Ahh, subject lines. A few words, or for some of you A LOT of words, can mean so much. This first introduction between you and your supporters can determine how your email performs, and could impact your overall objectives. And it’s not just what you say, it’s how long it takes you to say it.
I’ve been in the business of advocacy communications a long time. And like all methods of communications, there are some best practices that have been established by experts in the field that you may want to consider adopting.
Spam is not just for breakfast anymore. And spam laws are strict, and the company that provides your CRM is equally as strict about their whitelist status. Most importantly you should be too, since you don’t want your emails to land into a junk folder. “Free”, “Opportunity”, “Act now”, and other ambiguous words can sink your email before you even reach your subscriber. Many CRM providers may have a list of words they recommend you avoid, check with them as a good place to start.
K.I.S.S. (keep it short, silly). The standard for subject lines these days is 50 character max. Remember, this should be something that will make your member want to open your email, not be turned off, overwhelmed or completely bored and delete it before they even read what you have to say. Not to mention in today’s world, people are accessing your emails on their smart phone. And a long subject line will definitely get cut off.
Test, test, test! Part of a successful email marketing program is analyzing your data is a practice you should incorporate into your continual evaluation. If you’re unsure how a subject line will perform, test it. Do an A/B split test (we’ll be blogging on that subject too, stay tuned) on your subject lines, let it run for 24 hours and whatever the winner is, use that subject line for the remainder of your group. It’s always a good idea to see how previous subject lines performed as well. You can test short v. long, straightforward v. ambiguous, etc.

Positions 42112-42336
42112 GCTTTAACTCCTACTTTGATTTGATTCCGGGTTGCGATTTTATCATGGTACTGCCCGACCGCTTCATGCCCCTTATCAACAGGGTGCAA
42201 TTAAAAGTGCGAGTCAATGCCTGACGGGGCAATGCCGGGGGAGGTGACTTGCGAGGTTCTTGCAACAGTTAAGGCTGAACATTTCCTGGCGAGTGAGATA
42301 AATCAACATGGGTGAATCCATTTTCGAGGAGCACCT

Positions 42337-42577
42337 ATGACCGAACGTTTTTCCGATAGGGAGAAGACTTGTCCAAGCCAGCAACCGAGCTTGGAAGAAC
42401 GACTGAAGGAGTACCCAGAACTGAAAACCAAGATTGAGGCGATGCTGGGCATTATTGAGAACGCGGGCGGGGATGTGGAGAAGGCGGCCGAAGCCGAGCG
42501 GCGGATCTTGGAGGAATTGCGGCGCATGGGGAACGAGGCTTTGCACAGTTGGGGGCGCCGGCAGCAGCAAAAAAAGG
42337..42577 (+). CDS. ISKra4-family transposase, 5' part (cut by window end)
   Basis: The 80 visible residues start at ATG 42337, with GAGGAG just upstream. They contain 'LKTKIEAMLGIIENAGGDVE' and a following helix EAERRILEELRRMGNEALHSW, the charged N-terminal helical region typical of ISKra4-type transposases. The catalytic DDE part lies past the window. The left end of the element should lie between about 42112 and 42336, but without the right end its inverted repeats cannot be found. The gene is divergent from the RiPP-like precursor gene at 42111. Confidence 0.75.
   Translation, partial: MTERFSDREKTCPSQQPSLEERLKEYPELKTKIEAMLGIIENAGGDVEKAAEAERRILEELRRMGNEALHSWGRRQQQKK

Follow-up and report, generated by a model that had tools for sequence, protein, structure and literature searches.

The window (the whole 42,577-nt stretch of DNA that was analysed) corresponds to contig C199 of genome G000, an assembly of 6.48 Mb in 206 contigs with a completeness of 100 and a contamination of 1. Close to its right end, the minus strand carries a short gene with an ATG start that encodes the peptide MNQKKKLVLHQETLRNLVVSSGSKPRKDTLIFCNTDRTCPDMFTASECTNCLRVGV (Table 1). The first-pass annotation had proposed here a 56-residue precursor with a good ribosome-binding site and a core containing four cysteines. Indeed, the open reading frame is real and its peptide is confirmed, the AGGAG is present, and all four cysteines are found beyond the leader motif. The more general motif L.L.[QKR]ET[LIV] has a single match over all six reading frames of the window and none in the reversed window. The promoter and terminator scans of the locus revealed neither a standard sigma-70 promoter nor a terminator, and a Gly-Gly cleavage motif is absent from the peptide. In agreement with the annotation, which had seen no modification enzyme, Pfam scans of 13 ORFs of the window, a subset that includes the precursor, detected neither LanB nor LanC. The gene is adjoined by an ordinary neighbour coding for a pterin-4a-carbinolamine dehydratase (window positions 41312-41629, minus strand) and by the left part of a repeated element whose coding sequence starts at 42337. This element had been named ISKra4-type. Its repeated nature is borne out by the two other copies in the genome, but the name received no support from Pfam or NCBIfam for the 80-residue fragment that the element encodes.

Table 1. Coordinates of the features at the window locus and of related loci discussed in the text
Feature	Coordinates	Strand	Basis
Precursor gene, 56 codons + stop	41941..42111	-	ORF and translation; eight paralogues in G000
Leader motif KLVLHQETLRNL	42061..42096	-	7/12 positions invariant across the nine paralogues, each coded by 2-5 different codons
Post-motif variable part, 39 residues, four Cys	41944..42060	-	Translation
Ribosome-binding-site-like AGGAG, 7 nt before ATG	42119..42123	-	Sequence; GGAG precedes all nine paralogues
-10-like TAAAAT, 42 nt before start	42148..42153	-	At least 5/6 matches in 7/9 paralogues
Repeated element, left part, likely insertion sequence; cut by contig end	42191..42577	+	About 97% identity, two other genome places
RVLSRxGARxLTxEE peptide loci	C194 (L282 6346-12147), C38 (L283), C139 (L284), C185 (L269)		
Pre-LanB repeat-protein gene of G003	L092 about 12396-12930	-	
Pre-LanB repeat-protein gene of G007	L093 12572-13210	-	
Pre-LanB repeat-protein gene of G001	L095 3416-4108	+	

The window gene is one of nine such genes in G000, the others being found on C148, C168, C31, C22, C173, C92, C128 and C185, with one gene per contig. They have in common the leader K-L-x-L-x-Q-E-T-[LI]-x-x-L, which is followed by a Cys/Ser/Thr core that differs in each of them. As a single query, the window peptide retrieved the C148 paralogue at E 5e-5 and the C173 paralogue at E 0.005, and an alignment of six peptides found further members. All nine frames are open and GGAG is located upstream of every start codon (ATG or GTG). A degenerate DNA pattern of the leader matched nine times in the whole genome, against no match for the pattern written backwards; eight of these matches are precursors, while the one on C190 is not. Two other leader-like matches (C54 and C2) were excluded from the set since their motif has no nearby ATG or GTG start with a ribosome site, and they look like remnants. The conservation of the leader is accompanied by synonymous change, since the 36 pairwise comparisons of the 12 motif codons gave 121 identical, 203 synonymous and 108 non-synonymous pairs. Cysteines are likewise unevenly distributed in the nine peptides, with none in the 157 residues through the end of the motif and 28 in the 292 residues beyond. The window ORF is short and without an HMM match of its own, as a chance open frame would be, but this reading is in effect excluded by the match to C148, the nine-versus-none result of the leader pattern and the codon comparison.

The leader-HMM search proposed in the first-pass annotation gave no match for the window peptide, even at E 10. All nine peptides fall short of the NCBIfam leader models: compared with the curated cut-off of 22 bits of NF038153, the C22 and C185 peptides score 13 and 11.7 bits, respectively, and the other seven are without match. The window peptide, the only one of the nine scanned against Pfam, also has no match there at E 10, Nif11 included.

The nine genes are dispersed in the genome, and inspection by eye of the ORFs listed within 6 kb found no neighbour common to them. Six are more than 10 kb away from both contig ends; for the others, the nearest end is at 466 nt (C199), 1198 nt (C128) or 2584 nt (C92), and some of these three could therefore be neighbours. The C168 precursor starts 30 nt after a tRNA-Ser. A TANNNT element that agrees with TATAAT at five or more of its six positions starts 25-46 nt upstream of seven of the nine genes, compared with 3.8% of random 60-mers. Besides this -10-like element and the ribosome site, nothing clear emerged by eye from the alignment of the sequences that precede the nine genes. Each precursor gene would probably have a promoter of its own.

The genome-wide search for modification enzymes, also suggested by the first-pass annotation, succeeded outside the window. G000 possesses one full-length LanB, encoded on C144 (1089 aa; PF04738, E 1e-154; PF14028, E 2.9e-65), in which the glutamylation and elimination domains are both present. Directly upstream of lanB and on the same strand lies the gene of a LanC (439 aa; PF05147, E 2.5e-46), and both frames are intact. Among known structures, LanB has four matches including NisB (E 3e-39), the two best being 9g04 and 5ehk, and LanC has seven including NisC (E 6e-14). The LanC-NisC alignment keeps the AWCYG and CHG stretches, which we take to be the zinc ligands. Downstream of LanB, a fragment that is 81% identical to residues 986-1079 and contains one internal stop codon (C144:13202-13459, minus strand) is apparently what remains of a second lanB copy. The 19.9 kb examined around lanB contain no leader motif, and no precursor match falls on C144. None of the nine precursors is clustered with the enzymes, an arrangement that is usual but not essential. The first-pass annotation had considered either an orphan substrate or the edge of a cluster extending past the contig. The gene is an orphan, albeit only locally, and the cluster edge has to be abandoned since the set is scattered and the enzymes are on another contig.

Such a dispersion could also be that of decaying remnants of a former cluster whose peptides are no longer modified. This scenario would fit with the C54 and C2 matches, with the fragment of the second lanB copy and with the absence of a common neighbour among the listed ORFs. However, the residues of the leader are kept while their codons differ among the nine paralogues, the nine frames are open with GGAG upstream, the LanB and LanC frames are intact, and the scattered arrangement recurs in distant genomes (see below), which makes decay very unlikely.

Localize it. If you’re inviting people to an event or you want people to take action on an issue that is close to them, add it to the subject line. Check out Organizing for America, the Humane Society & travel sites like Travelocity to see some good examples of using this information in subject lines.
There are a lot of things to remember when creating a successful email marketing campaign. But do not underestimate the power of a smart and savvy subject line- it can make all the difference. To find out how Amplify Public Affairs can help you create email marketing campaigns that deliver results, visit us online at www.amplifypublicaffairs.net.